Democratic House Speaker Nancy Pelosi invoked Rome’s notorious Emperor Nero to attack President Donald Trump’s response to coronavirus.
Pelosi spoke with CNN’s Jake Tapper during Sunday morning’s “State of the Union,” and took several opportunities to jab at the president’s response to the virus’ threat — with no pushback from Tapper about her own actions that delayed this week’s relief bill. (RELATED: Juan Williams Goes To Bat For Pelosi’s Loaded Coronavirus Bill, Blames His Colleagues For Making It ‘A Caricature’)
Tapper began by asking Pelosi about President Trump’s stated goal to reopen parts of the economy and relax guidelines as it was safe to do so. “President Trump is considering relaxing federal guidelines for coronavirus for some of the less affected parts of the country. Do you think he should?” Tapper asked.
Pelosi did not immediately answer the question, instead appearing to blame Trump’s “denial at the beginning” for the increase in coronavirus deaths.
“First let me say how sad it is that even since the president’s signing of the bill, the number of deaths reported has doubled from 1,000 to 2,000 in our country. This is such a very, very sad time for us. So we should be taking every precaution. The president, his denial at the beginning, was deadly. His delaying of getting equipment to where it — his continued delay in getting equipment to where it’s needed is deadly,” she explained. “Now the best thing to do would be to prevent more loss of life rather than open things up, because we just don’t know.”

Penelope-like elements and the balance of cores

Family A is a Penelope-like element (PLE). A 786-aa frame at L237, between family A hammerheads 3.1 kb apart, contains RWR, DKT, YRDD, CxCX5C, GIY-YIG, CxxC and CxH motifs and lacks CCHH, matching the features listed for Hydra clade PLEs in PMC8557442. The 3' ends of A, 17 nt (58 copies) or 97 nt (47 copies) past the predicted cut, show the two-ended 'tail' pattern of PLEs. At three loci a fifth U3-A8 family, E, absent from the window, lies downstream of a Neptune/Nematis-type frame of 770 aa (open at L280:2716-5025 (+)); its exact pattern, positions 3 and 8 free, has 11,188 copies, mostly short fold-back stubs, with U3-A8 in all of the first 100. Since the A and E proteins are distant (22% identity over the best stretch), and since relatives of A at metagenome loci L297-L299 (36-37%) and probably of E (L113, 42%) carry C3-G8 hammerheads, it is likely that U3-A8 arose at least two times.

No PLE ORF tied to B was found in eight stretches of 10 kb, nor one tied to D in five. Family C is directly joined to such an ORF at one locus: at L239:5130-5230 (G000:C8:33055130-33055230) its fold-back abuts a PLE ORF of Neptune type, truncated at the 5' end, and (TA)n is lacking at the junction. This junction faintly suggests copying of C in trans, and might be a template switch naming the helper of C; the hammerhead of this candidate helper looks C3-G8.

Pelosi then appeared to suggest that another investigation might be in Trump’s future when she claimed that the president’s actions should be subjected to an “after-action review.”
“I don’t know what the scientists are saying to him. I don’t know what the scientists said to him, when did this president know about this, and what did he know? What did he know and when did he know it?” Pelosi asked. “That’s for an after-action review. But as the president fiddles, people are dying.”
“Speaker Pelosi, when you say the president’s denial was deadly, he obviously downplayed the risks of coronavirus for several weeks and it wasn’t until I think about two weeks ago that he started acknowledging the gravity of the crisis. Are you saying his downplaying ultimately cost American lives?” Tapper pressed the issue.
“Yes, I am. I’m saying that,” Pelosi replied.
Speaker Pelosi spent much of the past week throwing roadblocks in front of the most recent coronavirus relief legislation, pushing for a number of issues that appeared to have no relation to the immediate crisis at hand.